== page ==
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Kramer-Zucker et al., 2005 - Cilia-driven fluid flow in the zebrafish pronephros, brain and Kupffer's vesicle is required for normal organogenesis. Development (Cambridge, England)   132(8):1907-1921 Full text @ Development

Fig. 1 Apical cilia are present in Kupffer's vesicle, the central canal of the spinal cord and pronephric ducts. Immunostaining of acetylated tubulin. (A) Apical cilia are present in cells lining Kupffer's vesicle at the 8-somite stage (arrowhead) in midline longitudinal sections. (D) Kupffer's vesicle; higher magnification (DAPI nuclear staining in blue). (B) Ependymal cells along the central canal bear cilia at 24 hpf (arrowheads). (E) Cross section at 44 hpf; cilia arise from all cells of the spinal central canal. (C) Cilia can also be seen in the pronephric duct at 48 hpf (arrowheads). (F) Cells double stained for acetylated tubulin and the alpha1 subunit of the NaK-ATPase confirmed the apical position of the pronephric cilia. (G-I) EM cross sections of cilia in Kupffer's vesicle (G) show a 9+2 structure; ependymal cell cilia (H) are 9+0 in structure; pronephric cilia (I) are 9+2 with clear dynein outer arms (arrows). Cilia beat pattern: (J) The cilia in the of the spinal central canal and Kupffer's vesicle rotate in an counterclockwise orientation. (K) In the pronephric duct monociliated and multiciliated cells can be observed. Their cilia beat in rotation like a corkscrew with an undulating appearance along their longitudinal axis. Mean values for cilia length and beat frequency are given for comparison. Scale bars: 100 µm in A-C; 10 µm in D-F; 250 nm in G-I. KV, Kupffer's vesicle; PND, pronephric duct; SCC, spinal central canal.

Fig. 2 Cilia structure is altered in IFT morphant embryos. A whole-mount confocal immunostaining of acetylated tubulin in 44 hpf embryos shows apical cilia in the pronephric ducts (A-D), the spinal canal (E-H) and Kupffer's vesicle (I-K). At 44 hpf polaris and hippi morphants (B,C), as well as oval homozygous mutant embryos (D), exhibit severely shortened cilia (arrowheads) compared with wild type (A). For reference, arrows in A-D indicate the point were the pronephric ducts merge at the cloaca. (E-H) Cilia (arrowheads) in the central canal (lumen indicated by arrow in E) of the spinal cord are also shortened or absent in polaris (F) and hippi (G) morphants and in oval-/- embryos (H) compared with wild type (E). Immunostaining of pronephros/central canal: anterior is to the left, dorsal to the top. Kupffer's vesicle cilia in polaris (J) and hippi (K) morphant embryos are greatly reduced compared with control (I). (L,M) Ultrastructure of the pronephric cilia in wild-type (L), polaris (M) and hippi (N) morphants show a typical 9+2 microtubule doublet pattern. (O) Molecular analysis of the effectiveness of SP-morpholinos inducing splice defects: RT-PCR of single embryos generates a 354 bp polaris fragment in control embryos, bridging part of exon 1 to part of exon 5 at 24, 48, 72 hpf (lane M, 1 Kb Plus DNA Ladder). polarisSP-injected embryos analyzed with the same primer sets at the same timepoints show a larger amplicon of 457 bp caused by a non-splicing of intron 2, which encodes a premature stop codon; the lower wild-type band recovers over time. Lower panel: RT-PCR of ß-actin of the same RNA samples. (P) RT-PCR of hippi mRNA results in a 553 bp fragment in control embryos, whereas the amplicon is reduced in size in the hippiSP-treated embryos, indicating an in-frame deletion of exon 2 and 3 (lower band, 260 bp) or an out-of-frame deletion of exon 2 only (middle band, 378 bp); there is recovery of the wild-type band over time.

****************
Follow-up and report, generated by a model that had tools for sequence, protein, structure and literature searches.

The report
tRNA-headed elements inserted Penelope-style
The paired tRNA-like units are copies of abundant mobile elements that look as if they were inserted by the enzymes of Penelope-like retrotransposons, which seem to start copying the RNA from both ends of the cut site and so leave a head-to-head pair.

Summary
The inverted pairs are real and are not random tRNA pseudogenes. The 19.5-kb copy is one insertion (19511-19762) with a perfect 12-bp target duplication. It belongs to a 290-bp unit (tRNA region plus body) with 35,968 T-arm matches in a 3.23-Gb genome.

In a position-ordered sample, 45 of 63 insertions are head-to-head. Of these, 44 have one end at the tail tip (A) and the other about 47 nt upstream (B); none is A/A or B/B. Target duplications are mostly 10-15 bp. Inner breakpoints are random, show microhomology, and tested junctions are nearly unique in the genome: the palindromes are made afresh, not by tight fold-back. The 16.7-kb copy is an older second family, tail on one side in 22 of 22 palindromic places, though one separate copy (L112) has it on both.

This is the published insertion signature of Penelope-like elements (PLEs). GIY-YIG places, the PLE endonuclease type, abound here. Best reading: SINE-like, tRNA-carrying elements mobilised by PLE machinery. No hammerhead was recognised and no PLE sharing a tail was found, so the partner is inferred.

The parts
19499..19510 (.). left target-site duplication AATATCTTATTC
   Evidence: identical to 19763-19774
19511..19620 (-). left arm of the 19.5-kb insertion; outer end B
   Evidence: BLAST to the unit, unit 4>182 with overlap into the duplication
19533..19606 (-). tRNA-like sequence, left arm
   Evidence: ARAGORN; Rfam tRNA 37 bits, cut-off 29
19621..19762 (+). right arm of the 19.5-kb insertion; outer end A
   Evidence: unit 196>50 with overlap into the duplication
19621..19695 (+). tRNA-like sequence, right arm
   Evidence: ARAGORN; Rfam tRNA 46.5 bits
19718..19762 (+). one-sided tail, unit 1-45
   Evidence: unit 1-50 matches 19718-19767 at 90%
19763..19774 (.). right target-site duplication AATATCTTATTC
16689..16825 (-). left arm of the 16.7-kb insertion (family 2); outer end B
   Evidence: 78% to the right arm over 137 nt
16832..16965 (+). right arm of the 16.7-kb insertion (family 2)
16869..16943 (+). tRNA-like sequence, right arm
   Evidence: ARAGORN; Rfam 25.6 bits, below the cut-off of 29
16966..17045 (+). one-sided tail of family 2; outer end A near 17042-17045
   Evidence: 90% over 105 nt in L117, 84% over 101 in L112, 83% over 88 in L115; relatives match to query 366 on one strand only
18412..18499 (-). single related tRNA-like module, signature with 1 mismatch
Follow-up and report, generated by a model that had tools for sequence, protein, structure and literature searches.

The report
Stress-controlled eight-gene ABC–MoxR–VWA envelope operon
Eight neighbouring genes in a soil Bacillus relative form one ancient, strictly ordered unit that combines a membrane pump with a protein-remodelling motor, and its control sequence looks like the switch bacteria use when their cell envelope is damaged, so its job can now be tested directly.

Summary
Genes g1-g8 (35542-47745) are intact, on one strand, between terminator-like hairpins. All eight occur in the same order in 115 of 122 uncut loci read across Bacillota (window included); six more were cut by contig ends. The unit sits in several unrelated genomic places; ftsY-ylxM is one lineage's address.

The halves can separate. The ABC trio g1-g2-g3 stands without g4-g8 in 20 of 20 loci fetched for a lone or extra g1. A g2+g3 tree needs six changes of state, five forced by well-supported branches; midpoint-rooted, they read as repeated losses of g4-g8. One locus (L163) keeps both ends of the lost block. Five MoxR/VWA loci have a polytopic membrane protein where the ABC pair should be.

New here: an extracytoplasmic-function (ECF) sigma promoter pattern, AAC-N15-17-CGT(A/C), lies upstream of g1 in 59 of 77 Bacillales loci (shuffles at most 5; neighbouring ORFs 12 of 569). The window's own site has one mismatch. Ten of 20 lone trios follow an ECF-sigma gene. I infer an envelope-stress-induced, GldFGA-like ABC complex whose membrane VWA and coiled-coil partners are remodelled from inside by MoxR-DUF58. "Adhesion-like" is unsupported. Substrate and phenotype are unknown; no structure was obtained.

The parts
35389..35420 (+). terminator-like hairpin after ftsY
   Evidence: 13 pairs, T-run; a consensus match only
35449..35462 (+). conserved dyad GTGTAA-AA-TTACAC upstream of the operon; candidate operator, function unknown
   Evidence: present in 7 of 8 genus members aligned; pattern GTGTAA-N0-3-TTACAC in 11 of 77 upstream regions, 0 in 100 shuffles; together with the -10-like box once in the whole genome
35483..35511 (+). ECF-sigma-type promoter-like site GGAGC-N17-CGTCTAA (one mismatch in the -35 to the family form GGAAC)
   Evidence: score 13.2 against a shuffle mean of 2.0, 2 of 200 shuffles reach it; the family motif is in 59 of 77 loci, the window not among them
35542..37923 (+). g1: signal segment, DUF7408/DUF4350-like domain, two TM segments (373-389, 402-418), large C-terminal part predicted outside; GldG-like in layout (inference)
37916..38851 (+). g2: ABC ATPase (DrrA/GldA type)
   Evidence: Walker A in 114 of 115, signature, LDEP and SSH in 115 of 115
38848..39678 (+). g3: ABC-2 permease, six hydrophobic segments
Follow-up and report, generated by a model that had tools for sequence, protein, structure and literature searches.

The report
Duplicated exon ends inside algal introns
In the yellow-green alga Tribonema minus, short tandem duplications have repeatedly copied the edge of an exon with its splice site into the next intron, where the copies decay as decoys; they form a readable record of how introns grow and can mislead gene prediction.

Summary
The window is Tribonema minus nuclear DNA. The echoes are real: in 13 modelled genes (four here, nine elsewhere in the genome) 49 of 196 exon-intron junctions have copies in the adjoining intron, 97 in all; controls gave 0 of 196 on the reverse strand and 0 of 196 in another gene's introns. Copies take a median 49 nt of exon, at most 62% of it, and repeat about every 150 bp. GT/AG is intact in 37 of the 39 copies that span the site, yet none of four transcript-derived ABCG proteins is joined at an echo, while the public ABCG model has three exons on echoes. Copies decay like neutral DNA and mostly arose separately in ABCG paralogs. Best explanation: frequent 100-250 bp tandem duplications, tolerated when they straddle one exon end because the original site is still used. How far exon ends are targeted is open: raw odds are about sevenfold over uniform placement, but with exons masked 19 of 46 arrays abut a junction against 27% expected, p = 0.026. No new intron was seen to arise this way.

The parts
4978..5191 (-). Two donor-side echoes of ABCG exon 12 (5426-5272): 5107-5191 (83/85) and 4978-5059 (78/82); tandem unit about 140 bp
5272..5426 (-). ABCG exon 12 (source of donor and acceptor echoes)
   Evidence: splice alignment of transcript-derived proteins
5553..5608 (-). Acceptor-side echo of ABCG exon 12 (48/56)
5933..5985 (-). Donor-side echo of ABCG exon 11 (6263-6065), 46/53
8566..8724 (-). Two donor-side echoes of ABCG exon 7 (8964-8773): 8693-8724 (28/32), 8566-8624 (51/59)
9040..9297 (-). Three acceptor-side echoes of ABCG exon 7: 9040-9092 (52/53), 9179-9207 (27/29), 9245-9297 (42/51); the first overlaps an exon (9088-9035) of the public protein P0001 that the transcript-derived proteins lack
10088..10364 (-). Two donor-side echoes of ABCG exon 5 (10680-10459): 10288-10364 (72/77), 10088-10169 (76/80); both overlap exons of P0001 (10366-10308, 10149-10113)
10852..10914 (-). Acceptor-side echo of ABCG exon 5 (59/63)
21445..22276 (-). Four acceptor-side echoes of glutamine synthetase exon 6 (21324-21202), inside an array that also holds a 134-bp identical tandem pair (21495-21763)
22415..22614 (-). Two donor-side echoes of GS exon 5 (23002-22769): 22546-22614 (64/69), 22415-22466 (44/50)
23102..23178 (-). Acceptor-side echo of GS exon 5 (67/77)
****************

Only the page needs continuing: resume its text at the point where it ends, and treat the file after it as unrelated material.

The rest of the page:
Fig. 3 IFT morphant phenotype: kidney cysts and hydrocephalus. Disruption of polaris function by injection of polarisAUG (B) and polarisSP (C,I) results in hydrocephalus (black arrowhead), pronephric cyst formation (arrow), pericardial edema (white arrowhead), and ventrally bent body axis at 72 hpf compared with non-injected control embryos (A). This phenotype imitates the oval homozygous mutant (H), in which the polaris gene is mutated. Heterozygous embryos are indistinguishable from wild-type controls (G). Embryos injected with the control hippiAUG mismatch morpholino have a normal morphology (D), whereas hippiAUG (E) and hippiSP (F) cause a phenotype similar to the polaris morphants and the oval homozygous mutant. (J) Wild-type embryo in longitudinal section. (K) hippiSP morphant embryo showing severe hydrocephalus (**) and kidney cyst (*). (L) hippiSP morphant embryo showing axis curvature, cysts (arrow) and hydrocephalus (arrowhead). (M) Histological cross sections of a 72 hpf control embryo show the midline fused glomerulus, pronephric tubules and pronephric ducts on either side. (N,O) hippiSP morphant embryos at 72 hpf show a cystic dilatation (*) of the pronephric tubules with a stretched glomerulus in the midline. (O) polarisAUG morphants show kidney cysts (*) and distension of the pronephric ducts. gl, glomerulus; pd, pronephric ducts; pt, pronephric tubules.

Fig. 4 Fluid flow is impaired by lack of normal cilia movement in the pronephros. Living embryos were injected with 5% tetramethylrhodamine-conjugated 70 k MW dextran into the circulation. After passage of the pronephric kidney, the dye was excreted at the cloaca (C, arrow). The images of the first column (A,E,I,M,P) are transmitted light images. The images in the second column (B,F,J,N,Q) were taken at 2-3 minutes post-injection, while the images in the third column (C,G,K,O,R) were captured when maximum excretion was reached. The time after injection that the image was captured is indicated in the bottom left of each panel. No fluorescent dye excretion via the cloaca was observed at timepoints >30 minutes in polarisAUG morphants (n=9) or hippiSP morphants (n=9), whereas in the control embryos excretion was observed in 22 individuals (n=27). On histology of the same embryos, all showed endocytic uptake of the dye in anterior duct cells (arrowhead) (D,H,L), indicating that the dye had been filtered via the glomerulus (double arrows) into the cyst lumens (*). In oval heterozygous embryos, excretion started at 5.3±0.4 seconds (n=2) (O), and 3 out of 5 oval homozygous embryos showed weak dye excretion at 13.7±5.5 seconds (n=3), whereas 2 did not show a visible output. In A-R anterior is to the left and dorsal is to the top. Mechanical obstruction of the pronephric ducts close to the cloaca (S, arrow) causes cystic distension of the anterior pronephric tubules within 30 minutes (T, arrow). The dilated tubules/glomerulus can be seen in cross sections (U, arrows). Scale bar: 100 µm.